Partial Text: Preventing the development of antimicrobial resistance is a global policy priority. Overuse of antibiotics directly promotes development of antimicrobial resistance . The largest cause of inappropriate antibiotic use comes from treating respiratory infections, which are also the most common reason for primary care consultations . This challenge is most pressing in low- and middle-income countries (LMICs), where commonly 80% of upper respiratory tract infections (UTRIs), which are mostly viral, are inappropriately treated with antibiotics  compared to around 20% of URTIs in high-income countries (HICs) . Interventions aimed at both clinicians and patients/caregivers have been shown to be more effective than those aimed at only one group . Only 16 randomised trials trying to reduce inappropriate antibiotic prescribing for URTIs have been conducted worldwide, and most in LMICs had limitations in trial design and assessment. The duration of two well-designed trials in LMICs were shorter (14 days  and 6 months ) than those in HICs (generally 12 months) [8–10]. The effect sizes achieved were around a 25 percentage point (pp) reduction in antibiotic prescribing in LMICs [6,7] compared to around 10 pp in HICs [8–10], mainly because the baseline level of antibiotic prescribing was much higher in LMICs. Studies examining the sustained effects of trial interventions are rare: only two were conducted in HICs and reported sustained trial intervention effects [11,12]. In LMICs, primary care doctors are poorly trained, receive much lower pay, and see substantially more patients per day compared with their peers in HICs , while antimicrobial stewardship is weak . Sustained evidence on interventions that work for a long term in these settings is urgently needed.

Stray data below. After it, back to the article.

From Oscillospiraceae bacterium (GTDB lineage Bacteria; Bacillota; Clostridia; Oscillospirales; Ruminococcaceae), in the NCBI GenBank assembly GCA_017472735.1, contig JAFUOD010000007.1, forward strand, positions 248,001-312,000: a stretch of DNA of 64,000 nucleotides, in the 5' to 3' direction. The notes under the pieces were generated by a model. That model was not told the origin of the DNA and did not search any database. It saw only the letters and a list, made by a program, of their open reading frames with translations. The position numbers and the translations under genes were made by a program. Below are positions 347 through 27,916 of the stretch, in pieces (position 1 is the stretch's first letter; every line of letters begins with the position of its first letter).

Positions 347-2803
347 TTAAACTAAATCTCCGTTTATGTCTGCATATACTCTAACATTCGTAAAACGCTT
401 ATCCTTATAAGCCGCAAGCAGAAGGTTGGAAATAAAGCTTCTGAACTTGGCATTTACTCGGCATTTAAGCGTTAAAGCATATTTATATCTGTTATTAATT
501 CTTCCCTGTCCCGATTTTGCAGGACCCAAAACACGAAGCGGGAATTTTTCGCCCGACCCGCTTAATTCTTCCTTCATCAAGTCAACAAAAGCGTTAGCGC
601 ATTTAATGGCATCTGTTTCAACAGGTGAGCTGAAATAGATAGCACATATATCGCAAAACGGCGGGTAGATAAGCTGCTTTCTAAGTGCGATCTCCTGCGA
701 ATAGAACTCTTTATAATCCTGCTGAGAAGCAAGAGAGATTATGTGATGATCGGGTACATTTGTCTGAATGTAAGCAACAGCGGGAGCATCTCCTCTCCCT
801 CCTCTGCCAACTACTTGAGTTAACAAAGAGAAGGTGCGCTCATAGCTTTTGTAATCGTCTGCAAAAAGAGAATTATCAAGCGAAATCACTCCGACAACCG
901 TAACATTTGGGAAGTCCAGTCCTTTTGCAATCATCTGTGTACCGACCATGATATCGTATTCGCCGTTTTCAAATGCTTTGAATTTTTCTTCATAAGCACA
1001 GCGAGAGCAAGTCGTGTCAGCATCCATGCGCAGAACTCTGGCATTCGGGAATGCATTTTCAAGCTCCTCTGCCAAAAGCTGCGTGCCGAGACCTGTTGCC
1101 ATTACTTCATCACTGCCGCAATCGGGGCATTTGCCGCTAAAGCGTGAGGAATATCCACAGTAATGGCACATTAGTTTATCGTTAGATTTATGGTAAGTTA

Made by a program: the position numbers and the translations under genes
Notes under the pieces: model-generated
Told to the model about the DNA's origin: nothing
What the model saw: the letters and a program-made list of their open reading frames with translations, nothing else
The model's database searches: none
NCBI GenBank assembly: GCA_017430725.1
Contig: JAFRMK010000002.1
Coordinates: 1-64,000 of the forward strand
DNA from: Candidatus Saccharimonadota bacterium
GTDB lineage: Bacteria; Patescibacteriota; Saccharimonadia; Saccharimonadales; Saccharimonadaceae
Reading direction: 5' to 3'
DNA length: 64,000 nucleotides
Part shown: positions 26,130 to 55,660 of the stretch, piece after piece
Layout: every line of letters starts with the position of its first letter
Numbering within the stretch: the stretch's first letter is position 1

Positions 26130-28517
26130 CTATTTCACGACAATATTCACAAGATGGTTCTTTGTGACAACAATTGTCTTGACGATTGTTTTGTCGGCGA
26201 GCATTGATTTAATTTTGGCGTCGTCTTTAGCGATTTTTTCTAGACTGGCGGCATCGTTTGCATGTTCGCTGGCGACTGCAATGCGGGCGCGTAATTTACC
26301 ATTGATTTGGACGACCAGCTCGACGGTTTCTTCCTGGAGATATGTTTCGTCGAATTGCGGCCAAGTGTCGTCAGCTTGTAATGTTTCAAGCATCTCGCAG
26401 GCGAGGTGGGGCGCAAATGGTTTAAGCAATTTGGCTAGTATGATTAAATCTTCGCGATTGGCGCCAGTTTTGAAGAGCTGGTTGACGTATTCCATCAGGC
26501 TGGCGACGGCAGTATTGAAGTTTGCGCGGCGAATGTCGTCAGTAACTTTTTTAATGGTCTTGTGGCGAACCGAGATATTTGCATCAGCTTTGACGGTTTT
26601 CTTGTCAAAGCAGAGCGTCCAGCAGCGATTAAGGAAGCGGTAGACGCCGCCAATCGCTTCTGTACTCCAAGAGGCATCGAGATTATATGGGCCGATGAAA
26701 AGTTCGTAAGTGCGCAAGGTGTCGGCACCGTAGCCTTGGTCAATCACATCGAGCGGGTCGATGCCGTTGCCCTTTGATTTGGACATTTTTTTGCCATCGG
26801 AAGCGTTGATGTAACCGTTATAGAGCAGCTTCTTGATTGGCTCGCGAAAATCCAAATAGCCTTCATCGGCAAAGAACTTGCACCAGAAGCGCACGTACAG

Our study is reported here as per the CONSORT extension (S1 CONSORT Checklist) for cluster trial guidelines , with the abstract reported as per the CONSORT guidelines for reporting randomised trials in journal and conference abstracts . We obtained ethical approval from the University of Leeds School of Medicine Research Ethics Committee (MREC15-016), the Guangxi Institute Review Boards at the Guangxi Autonomous Region Centre for Disease Control and Prevention (CDC) (GXIRB2014-0036), and Shandong University (20151102) for the trial and follow-up study.